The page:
Wine Poetry: How an Ancient Persian Legend Gave Birth to a Petaluma Gap Winery

“As a child growing up in Persia I heard the story of the discovery of wine,” says Pari Azari, “but it is also documented in my Persian cookbook.  In fact Omar Khayyám  referred to the story in some of his poetry.”  Kamal Azari, Pari’s husband and co-owner of Azari Winery, nods in appreciation as he listens to his wife.  “Yes, it is this story, plus the fact that I was born in Shiraz, the ancient city in Persia thought to be the birthplace of the syrah grape, that inspired us to start our winery.”

Pari then proceeded to tell the fascinating story of a Persian King who was sitting on the palace balcony one day with his son and fellow nobles.  Suddenly a Homa Bird (considered to be the bird of good fortune by Persians) landed not far away and was set upon by a large snake which coiled itself around the bird’s neck.  The king called upon his nobles to rescue the bird and the king’s son immediately jumped to his feet and shot an arrow into the snake without harming the bird.  The bird flew away, but one year later on the exact anniversary of the snake attack the bird returned and dropped three small seeds at the feet of the king and his son.

The king ordered that the seeds be planted in the palace garden and eventually they grew into vines that produced beautiful bunches of small red fruit.  As no one in the palace had ever seen this type of fruit, they were afraid to try it.  Therefore, the king ordered that the bunches be harvested and placed in large stone vessels.  Not long after strange bubbling noises came from the vessels along with an intoxicating aroma.  The king called for a murderer who was sentenced to death to be brought from prison to taste the liquid.  The murderer drank one glass, then asked for more.  Soon he began smiling and dancing and the king realized the Huma Bird had brought them a great gift.  Therefore, he held a feast of celebration and introduced wine to the world.

Today Pari and Kamal operate Azari Winery located in the Petaluma Gap region of Sonoma County.  “We fell in love with the landscape here,” explains Kamal.  “Furthermore, I wanted to make cool-climate syrah and this is one of the best appellations in California to do this.”  In addition to syrah, Azari Winery also produces pinot noir, a riesling, and a second label called Corkscrew.

With a doctorate in political science and a background in Iranian studies Kamal has always been interested in the ancient legends of Persian as well as poetry.  “In Iran, poetry is very important, and many of the great Persian poets wrote about wine.  In pre-Islamic time wine was a holy drink with mystical powers and most Persian prophets used wine as a way to connect with heaven.”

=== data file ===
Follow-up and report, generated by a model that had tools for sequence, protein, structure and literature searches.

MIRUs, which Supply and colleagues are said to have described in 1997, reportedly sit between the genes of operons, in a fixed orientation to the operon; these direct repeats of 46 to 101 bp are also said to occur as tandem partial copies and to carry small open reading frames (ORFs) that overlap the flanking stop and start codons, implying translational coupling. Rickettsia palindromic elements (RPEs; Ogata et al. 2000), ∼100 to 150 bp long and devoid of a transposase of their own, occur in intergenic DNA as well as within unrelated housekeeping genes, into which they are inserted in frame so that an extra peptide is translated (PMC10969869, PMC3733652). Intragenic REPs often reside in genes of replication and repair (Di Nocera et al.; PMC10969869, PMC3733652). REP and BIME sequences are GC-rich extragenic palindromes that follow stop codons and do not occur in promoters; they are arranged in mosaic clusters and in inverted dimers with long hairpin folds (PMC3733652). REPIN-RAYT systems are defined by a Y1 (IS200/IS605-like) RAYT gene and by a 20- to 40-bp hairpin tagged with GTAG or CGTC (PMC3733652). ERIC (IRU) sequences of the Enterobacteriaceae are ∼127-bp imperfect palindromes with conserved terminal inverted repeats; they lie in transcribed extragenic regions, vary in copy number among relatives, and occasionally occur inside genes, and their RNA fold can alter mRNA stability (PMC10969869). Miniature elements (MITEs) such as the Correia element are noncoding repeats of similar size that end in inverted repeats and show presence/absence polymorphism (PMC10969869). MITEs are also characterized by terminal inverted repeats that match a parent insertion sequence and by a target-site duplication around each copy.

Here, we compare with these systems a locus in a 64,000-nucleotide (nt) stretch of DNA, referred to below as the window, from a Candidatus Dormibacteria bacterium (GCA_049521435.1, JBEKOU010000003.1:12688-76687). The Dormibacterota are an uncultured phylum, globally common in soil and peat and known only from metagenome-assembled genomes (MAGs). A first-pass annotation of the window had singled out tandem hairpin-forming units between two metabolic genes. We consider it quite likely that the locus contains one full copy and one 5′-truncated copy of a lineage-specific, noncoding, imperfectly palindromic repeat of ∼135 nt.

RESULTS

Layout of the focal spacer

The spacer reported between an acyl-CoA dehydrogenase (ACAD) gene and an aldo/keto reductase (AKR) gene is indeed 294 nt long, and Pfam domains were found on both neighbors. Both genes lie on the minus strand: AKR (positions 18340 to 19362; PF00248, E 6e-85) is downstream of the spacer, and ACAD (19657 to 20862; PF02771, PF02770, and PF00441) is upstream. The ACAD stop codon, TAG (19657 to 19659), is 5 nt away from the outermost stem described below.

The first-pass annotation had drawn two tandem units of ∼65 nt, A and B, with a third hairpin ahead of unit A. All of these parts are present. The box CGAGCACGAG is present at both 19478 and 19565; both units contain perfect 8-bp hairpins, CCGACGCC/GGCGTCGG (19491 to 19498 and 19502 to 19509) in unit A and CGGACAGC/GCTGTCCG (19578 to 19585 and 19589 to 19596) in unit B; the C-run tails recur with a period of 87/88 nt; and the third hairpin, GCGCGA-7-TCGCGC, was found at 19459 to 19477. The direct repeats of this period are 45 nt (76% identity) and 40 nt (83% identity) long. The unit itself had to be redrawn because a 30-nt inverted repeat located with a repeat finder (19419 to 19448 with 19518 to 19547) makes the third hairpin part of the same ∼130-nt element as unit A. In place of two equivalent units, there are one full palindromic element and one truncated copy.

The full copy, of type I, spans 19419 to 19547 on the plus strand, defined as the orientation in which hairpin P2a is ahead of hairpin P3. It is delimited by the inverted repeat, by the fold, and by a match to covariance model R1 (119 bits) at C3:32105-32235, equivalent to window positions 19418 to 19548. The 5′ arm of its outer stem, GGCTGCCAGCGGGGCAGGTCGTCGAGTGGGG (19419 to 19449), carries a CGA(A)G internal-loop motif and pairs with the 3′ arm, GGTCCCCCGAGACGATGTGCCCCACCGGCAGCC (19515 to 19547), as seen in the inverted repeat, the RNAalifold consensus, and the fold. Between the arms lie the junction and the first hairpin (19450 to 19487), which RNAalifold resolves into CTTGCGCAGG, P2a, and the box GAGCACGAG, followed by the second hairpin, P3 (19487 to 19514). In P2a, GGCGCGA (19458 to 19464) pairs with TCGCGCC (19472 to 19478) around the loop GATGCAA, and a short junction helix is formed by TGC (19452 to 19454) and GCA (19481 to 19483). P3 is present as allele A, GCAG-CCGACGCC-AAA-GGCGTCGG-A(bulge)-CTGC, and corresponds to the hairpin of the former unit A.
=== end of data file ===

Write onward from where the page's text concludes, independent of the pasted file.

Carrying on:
“The challenge,” chimes in Pari,” is that because wine in Persia was holy it was never paired with food.  Therefore, I have been trying to match Persian recipes with our wine.”  One such recipe that has been garnering many compliments from guests is Pari’s Duck with Pomegrante Sauce paired with Azari Pinot Noir.

“Her cooking is like poetry,” says Kamal.  “As you can see, poetry, legends, and wine are very important to us.”  Indeed, this must be the case because on every single bottle of Azari Wine the following statement is inscribed:  “Our approach to winemaking follows a few basic principles:  the land has character, nature is wise, and our job is to listen carefully, then write the poem.

For more information on Azari Winery, please see  To learn more about the Petaluma Gap, including other wineries and vineyards, see  Photo by Smari.

Williamson Winery Wows Millennials

Over thirty Millennials showed up to taste the award winning wines of Williamson Winery this past week.  Located in Sonoma County with a tasting room on the Healdsburg Plaza and their famous Home Ranch Vineyard in the Dry Creek AVA, Williamson is primarily known for big reds, such as syrah, zinfandel and cabernet sauvignon.  However, they also
source fruit from other locations and it was these wines that appealed most to the Millennials tasters.

Favorite white wine of the evening was the Williamson Winery Joy Sauvignon Blanc ($28) from the North Coast.  It had a fresh grapefruit nose with some pineapple and melon on the palate.  Very crisp and refreshing.  A good food wine.  The favorite red was the Williamson Winery Passion Pinot Noir ($47) from the Russian River AVA.  This wine showed a ripe cherry nose with a hint of floral with silky tannins and spicy cheery cola on the palate.  For more information see:

The SSU Winesense Cooking Team, lead by Chef (and now Wine Club President) Giana, prepared a Vegetarian Lasagna to match with the white wines of the evening.  For
the big reds they crafted Meatballs in Spicy Mustard Sauce.  For the jammy syrahs and zinfandels, they served Brownies and Spiced Nuts on Aged Cheddar.  A true feast!